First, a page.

Concurrent Execution using Shared Resource with Improper Synchronization ('Race Condition')
The program contains a code sequence that can run concurrently with other code, and the code sequence requires temporary, exclusive access to a shared resource, but a timing window exists in which the shared resource can be modified by another code sequence that is operating concurrently.
This can have security implications when the expected synchronization is in security-critical code, such as recording whether a user is authenticated or modifying important state information that should not be influenced by an outsider.
A race condition occurs within concurrent environments, and is effectively a property of a code sequence. Depending on the context, a code sequence may be in the form of a function call, a small number of instructions, a series of program invocations, etc.
A race condition violates these properties, which are closely related:
Exclusivity - the code sequence is given exclusive access to the shared resource, i.e., no other code sequence can modify properties of the shared resource before the original sequence has completed execution.
Atomicity - the code sequence is behaviorally atomic, i.e., no other thread or process can concurrently execute the same sequence of instructions (or a subset) against the same resource.
A race condition exists when an "interfering code sequence" can still access the shared resource, violating exclusivity. Programmers may assume that certain code sequences execute too quickly to be affected by an interfering code sequence; when they are not, this violates atomicity. For example, the single "x++" statement may appear atomic at the code layer, but it is actually non-atomic at the instruction layer, since it involves a read (the original value of x), followed by a computation (x+1), followed by a write (save the result to x).
The interfering code sequence could be "trusted" or "untrusted." A trusted interfering code sequence occurs within the program; it cannot be modified by the attacker, and it can only be invoked indirectly. An untrusted interfering code sequence can be authored directly by the attacker, and typically it is external to the vulnerable program.
The following examples help to illustrate the nature of this weakness and describe methods or techniques which can be used to mitigate the risk.
Note that the examples here are by no means exhaustive and any given weakness may have many subtle varieties, each of which may require different detection methods or runtime controls.
This code could be used in an e-commerce application that supports transfers between accounts. It takes the total amount of the transfer, sends it to the new account, and deducts the amount from the original account.
A race condition could occur between the calls to GetBalanceFromDatabase() and SendNewBalanceToDatabase().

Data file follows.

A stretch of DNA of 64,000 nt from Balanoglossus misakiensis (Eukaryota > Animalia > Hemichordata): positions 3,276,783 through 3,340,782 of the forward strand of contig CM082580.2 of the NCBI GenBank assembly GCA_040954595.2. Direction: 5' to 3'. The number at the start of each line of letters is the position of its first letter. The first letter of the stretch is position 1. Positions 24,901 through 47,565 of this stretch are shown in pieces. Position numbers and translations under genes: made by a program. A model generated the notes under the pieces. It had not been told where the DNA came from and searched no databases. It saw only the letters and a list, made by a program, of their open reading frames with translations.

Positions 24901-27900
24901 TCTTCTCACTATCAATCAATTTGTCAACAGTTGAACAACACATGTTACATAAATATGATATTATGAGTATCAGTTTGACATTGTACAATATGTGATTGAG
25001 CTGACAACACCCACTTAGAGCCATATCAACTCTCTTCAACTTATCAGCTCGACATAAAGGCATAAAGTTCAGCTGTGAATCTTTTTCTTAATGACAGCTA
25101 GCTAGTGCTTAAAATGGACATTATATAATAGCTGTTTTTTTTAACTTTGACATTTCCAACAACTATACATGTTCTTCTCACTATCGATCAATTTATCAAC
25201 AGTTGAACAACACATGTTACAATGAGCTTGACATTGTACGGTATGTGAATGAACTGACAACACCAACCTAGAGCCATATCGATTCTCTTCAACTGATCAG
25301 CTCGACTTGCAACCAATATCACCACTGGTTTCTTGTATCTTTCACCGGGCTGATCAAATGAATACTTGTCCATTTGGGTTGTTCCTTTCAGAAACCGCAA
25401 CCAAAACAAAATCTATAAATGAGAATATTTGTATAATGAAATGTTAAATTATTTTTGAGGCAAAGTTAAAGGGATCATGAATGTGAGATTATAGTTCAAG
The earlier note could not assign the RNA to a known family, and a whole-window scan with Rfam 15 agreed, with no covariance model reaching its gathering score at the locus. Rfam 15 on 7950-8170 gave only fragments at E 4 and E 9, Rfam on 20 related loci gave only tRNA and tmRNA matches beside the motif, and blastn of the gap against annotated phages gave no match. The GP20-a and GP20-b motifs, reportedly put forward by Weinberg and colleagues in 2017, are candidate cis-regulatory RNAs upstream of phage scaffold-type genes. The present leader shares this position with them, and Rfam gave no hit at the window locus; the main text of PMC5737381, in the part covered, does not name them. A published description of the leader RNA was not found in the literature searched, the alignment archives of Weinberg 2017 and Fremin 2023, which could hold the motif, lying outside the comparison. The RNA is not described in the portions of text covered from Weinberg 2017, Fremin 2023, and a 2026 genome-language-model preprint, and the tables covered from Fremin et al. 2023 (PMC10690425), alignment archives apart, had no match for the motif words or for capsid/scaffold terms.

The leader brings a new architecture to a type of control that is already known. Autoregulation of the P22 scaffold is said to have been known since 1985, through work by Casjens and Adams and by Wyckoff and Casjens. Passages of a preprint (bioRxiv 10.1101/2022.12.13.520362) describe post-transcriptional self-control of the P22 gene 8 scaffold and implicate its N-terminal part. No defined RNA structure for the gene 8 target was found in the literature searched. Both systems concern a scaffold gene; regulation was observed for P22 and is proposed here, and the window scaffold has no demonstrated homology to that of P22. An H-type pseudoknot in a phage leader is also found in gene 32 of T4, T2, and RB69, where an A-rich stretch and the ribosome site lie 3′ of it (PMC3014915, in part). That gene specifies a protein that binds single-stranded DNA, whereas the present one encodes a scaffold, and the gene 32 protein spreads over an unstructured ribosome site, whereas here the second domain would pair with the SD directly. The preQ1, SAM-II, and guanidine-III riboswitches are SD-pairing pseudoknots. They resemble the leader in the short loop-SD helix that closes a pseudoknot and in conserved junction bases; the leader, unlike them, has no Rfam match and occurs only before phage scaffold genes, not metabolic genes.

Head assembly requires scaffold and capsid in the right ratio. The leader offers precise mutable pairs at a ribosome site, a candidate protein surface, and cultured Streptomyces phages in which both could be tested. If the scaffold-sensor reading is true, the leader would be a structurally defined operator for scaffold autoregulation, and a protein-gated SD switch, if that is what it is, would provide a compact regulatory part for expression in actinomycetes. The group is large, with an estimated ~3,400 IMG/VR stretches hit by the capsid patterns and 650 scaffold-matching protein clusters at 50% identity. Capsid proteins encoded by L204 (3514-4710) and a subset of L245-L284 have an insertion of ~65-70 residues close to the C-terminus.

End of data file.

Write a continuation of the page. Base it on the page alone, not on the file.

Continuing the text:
Suppose the balance is initially 100.00. An attack could be constructed as follows:
At this stage, the attacker should have a balance of 19.00 (due to 81.00 worth of transfers), but the balance is 99.00, as recorded in the database.
To prevent this weakness, the programmer has several options, including using a lock to prevent multiple simultaneous requests to the web application, or using a synchronization mechanism that includes all the code between GetBalanceFromDatabase() and SendNewBalanceToDatabase().
The following function attempts to acquire a lock in order to perform operations on a shared resource.
However, the code does not check the value returned by pthread_mutex_lock() for errors. If pthread_mutex_lock() cannot acquire the mutex for any reason, the function may introduce a race condition into the program and result in undefined behavior.
In order to avoid data races, correctly written programs must check the result of thread synchronization functions and appropriately handle all errors, either by attempting to recover from them or reporting it to higher levels.
Suppose a processor's Memory Management Unit (MMU) has 5 other shadow MMUs to distribute its workload for its various cores. Each MMU has the start address and end address of "accessible" memory. Any time this accessible range changes (as per the processor's boot status), the main MMU sends an update message to all the shadow MMUs.
Suppose the interconnect fabric does not prioritize such "update" packets over other general traffic packets. This introduces a race condition. If an attacker can flood the target with enough messages so that some of those attack packets reach the target before the new access ranges gets updated, then the attacker can leverage this scenario.
Weaknesses in this category are related to the rules and recommendations in the Visibility and Atomicity (VNA) section of the SEI CERT Oracle Secure Coding Standard fo...
This category identifies Software Fault Patterns (SFPs) within the Race Condition Window cluster (SFP20).
Weaknesses in this category are related to rules in the Concurrency (CON) section of the CERT C++ Secure Coding Standard. Since not all rules map to specific weaknesse...
This view (slice) covers all the elements in CWE.
CWE entries in this view (graph) may be used to categorize potential weaknesses within sources that handle public, third-party vulnerability information, such as the N...
CWE identifiers in this view are weaknesses that do not have associated Software Fault Patterns (SFPs), as covered by the CWE-888 view. As such, they represent gaps in...